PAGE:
The red brick structure you see lurking in the back is part of the old Hupfel Brewery, which started making beer in the mid-1800s amid the emergence of a vibrant community of German immigrants here in the South Bronx. By the turn of the 20th century, Hupfel's was but one of several breweries in the area, and one of two standing on the steep slope (featured in the previous photo) rising from St. Ann's Avenue to Eagle Avenue, an advantageous location that allowed naturally insulated caves, ideal for aging and storing lager, to be cut into the surrounding hillside. Several caves built just south of here by the Ebling Brewing Company made the news a few years ago when they were uncovered during the construction of a large affordable housing development. (You can see additional photos of the caves, which have since been resealed, here and here.)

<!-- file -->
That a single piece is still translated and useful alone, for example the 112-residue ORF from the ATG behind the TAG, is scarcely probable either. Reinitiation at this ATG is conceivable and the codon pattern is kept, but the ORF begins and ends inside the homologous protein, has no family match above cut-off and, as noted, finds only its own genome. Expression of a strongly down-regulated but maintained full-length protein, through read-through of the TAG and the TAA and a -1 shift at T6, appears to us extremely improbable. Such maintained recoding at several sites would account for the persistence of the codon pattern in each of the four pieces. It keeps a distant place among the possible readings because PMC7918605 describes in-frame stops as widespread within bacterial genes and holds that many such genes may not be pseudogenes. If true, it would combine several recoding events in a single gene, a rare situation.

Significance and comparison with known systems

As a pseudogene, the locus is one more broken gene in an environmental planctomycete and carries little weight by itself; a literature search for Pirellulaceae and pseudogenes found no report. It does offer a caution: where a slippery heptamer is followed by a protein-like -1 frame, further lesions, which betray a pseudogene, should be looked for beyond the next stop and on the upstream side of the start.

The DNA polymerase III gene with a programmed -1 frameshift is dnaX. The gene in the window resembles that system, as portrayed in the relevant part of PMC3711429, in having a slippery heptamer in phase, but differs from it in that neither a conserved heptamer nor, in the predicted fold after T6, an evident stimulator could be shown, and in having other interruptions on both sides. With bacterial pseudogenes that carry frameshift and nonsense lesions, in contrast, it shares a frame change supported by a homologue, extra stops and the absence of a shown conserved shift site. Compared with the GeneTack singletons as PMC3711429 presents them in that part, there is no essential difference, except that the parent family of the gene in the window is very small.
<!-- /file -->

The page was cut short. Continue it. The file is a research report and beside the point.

With the advent of Prohibition, Adolph Hupfel Jr. converted his family's brewery and caves into a "mushroom plantation", using "tiny thunderbolts" and "jazz music" to produce more than 200,000 pounds of the crop per year. He appeared before Congress on a couple of occasions in the early 1920s to ask for a tariff on imported mushrooms to protect what was then a nascent industry in the US, and was jokingly asked by a senator during one hearing if his brewery-grown mushrooms contained a "kick".